In the oxidation, ferric hydroxide and elemental sulfur precipitates on the surface of the particle. These compounds significantly reduce gold extraction during the subsequent recovery step by cyanidation of the neutralized residue. There are few studies on the chemical leaching of arsenopyrite in alkaline oxidizing media. The oxidation reactions, which take place in NaOH aqueous solutions, are suggested as follows:


Subsequent oxidation of produces and.

Arsenopyrite oxidation rate depends on the concentrations of oxygen and alkali, temperature, surface or size of mineral particles, the pulp density of the mixture, stirring and reaction time.

Based on studies, on the published data and on experience, it can be assumed that the oxidation of pyrite and arsenopyrite in sodium hypochlorite solutions, are made in strongly alkaline conditions and high potential conditions, close to 1.2 V, a region where hypochlorite ion is stable, according to Eh-pH diagram, Figure 1" target="_self"> Figure 1(b) (H2O-O2-Cl2) and in Figure 1" target="_self"> Figure 1(a), (Fe-As-S-O-H2O) stable species are observed for iron under these conditions; therefore the oxidation of pyrite and arsenopyrite, are given according to the following reactions:






1.2.1. Hypochlorite as Oxidizing Medium

Although the conventional direct cyanidation has been used commercially for extraction of precious metals, several studies are being conducted on alternative processes, as there are minerals that do not respond satisfactorily, classified as refractory ores, that require long leach without reaching satisfactory results. To achieve the extraction of precious metals several pretreatments are required.

For extraction of gold from refractory ores or concentrate, in which gold is surrounded or covered by iron sulfide minerals, mainly arsenopyrite and pyrite, mineral oxidative pretreatment is essential to oxidize sulfides and to expose gold to the leaching solution. Pyrometallurgical oxidation by roasting is under environmental restrictions [1]. Therefore, hydrometallurgical methods are preferred as they have better potential. These methods in-


Figure 1. (a) Eh-pH Diagram of Fe-As-S-O-H2O system [1]; (b) Eh-pH Diagram for H2O-O2-Cl2 system [6].

clude pressure oxidation [7,8], biological oxidation [9- 11], and nitric acid oxidation [12].

Chlorine gas in aqueous solutions, depending on the pH, can form three oxidizing species: aqueous chlorine (Cl2(aq)), hypochlorous acid (HOCl) and hypochlorite ions (OCl). Concentration of these species is determined by the following equations and equilibrium constants:



Those three species can be generated by adding sodium hypochlorite (NaOCl) or calcium hypochlorite (Ca(OCl)2) to an aqueous solution. Calcium hypochlorite is more stable than sodium hypochlorite and contains a higher concentration of chlorine.

These salts ionize in water, under acidic conditions (pH < 7.5). Hypochlorite ion becomes hypochlorous acid in very acidic conditions (pH < 3.5), and in the presence of chloride ions, aqueous chlorine is formed. Therefore, pH should be maintained in the range of stability of OCl, Figure 1" target="_self"> Figure 1(b). In hypochlorite solutions, in the pH range in which hypochlorite ion (OCl) prevails, all sulfides commonly associated with gold readily oxidize. Pyrite is the most stable of metal sulfides, this means that if in aqueous solution, pyrite is oxidized; other sulfides will surely be oxidized. Pourbaix diagram of Fe-S, shows that pyrite decomposes into iron hydroxide and sulfate in the range of the hypochlorite ion. Oxidation of sulfides in hypochlorite solutions in alkaline medium has an advantage, which is sulphate formation instead of elemental sulfur that can passivate the surface of the mineral particles [13].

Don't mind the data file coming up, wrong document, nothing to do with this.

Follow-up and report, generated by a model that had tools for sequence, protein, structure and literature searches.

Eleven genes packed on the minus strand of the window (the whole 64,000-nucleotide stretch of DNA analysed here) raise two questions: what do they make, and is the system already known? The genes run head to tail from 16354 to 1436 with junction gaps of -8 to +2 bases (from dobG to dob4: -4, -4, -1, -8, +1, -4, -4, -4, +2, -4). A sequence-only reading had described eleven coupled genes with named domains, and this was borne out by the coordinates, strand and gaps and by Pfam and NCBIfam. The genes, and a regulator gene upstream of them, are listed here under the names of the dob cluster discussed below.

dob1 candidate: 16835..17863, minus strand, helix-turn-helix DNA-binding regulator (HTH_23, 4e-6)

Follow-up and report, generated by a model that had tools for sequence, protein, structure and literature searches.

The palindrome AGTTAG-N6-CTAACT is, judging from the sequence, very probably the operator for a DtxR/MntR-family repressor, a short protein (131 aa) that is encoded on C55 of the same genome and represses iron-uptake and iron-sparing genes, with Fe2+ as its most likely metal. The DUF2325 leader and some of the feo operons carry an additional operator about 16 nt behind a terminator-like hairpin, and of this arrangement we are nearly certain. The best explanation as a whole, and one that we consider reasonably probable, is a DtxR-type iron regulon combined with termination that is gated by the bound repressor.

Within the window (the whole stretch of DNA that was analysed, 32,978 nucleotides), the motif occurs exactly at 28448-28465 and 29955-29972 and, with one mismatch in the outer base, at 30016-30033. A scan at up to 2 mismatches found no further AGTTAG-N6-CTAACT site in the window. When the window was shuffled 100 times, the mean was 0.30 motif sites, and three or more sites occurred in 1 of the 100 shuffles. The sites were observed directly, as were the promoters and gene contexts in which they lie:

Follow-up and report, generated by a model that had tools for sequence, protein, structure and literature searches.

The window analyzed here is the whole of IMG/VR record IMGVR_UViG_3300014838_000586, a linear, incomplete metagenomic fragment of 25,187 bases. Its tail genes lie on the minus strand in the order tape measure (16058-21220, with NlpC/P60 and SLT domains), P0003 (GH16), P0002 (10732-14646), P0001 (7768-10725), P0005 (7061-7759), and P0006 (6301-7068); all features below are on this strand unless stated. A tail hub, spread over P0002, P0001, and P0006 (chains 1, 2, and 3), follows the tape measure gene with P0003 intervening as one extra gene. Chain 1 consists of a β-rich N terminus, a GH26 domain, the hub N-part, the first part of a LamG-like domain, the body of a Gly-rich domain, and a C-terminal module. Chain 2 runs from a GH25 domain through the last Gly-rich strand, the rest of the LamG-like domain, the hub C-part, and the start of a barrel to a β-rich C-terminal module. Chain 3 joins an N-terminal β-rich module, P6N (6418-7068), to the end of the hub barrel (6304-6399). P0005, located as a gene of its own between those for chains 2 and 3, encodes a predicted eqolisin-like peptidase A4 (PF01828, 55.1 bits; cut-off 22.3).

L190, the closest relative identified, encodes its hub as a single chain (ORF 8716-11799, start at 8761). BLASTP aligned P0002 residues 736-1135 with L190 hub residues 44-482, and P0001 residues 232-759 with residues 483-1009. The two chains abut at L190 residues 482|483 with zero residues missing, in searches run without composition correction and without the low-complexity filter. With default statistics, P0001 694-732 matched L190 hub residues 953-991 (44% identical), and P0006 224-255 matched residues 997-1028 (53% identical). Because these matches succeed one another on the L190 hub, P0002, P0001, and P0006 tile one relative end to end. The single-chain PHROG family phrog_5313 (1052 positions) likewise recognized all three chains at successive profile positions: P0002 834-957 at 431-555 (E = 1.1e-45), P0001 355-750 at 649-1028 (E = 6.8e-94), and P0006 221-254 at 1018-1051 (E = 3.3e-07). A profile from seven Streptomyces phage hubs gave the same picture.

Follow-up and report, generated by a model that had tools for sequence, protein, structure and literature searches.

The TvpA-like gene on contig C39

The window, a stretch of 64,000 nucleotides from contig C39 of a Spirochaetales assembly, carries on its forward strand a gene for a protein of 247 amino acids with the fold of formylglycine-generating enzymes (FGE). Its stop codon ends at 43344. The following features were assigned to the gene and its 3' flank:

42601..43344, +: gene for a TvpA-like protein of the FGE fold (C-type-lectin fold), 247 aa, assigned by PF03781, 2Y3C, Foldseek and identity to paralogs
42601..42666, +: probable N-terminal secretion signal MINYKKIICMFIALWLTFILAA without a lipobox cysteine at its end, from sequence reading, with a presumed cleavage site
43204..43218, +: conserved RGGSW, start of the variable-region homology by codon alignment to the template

2. Materials and Methods

2.1. Materials

The ore used was provided by Williams Mining, it was a complex of sulphides (pyrite and arsenopyrite) from a flotation bulk concentrate.

2.2. Reagents

Among others, the following regents were used; sodium hypochlorite (NaOCl), sodium hydroxide (NaOH) as pH adjuster, oxygen as the oxidant in the pressure reactor and sodium cyanide (NaCN).

2.3. Equipment

The following equipment was used: a one liter stainless steel reactor (Parr, series 4520) to carry out Alkaline oxidation pretreatment and pressurized cyanidation; a Perkin Elmer Analyst 400 atomic absorption spectrometer to determine concentration of gold, silver and arsenic, for the fire analysis, muffles, hot plates, and a variety of glassware were used, an X-ray Diffraction Microscope (XRD) and a JEOL 5410LV, Tokyo, Japan Scanning Electron Microscope (SEM) for characterization of samples.

3. Experimental Methodology

The first step was characterization of the ore and oxidized solid product.

Next, a diagnostic test of stirred conventional cyanidation was performed, under the following conditions: 100 g of sample, 0.10% NaCN, pulp to 15% (w/w), pH = 11 (adjusted with NaOH) and 72 hours treatment, and with mechanical stirring at 750 rpm, resulting in a 6% gold and 30% silver recovery.

In order to evaluate statistically the extraction of gold, a 24 factorial design was used. Pretreatments were run randomly and according to the conditions indicated in Table 1. The factors and levels considerated were: A, concentration of sodium hypochlorite (high 10% and low 5% w/w); B, oxygen pressure (high 80, low 60 psi); C, temperature (high 80, low 60˚C) and D, pH (high 13 and low 12).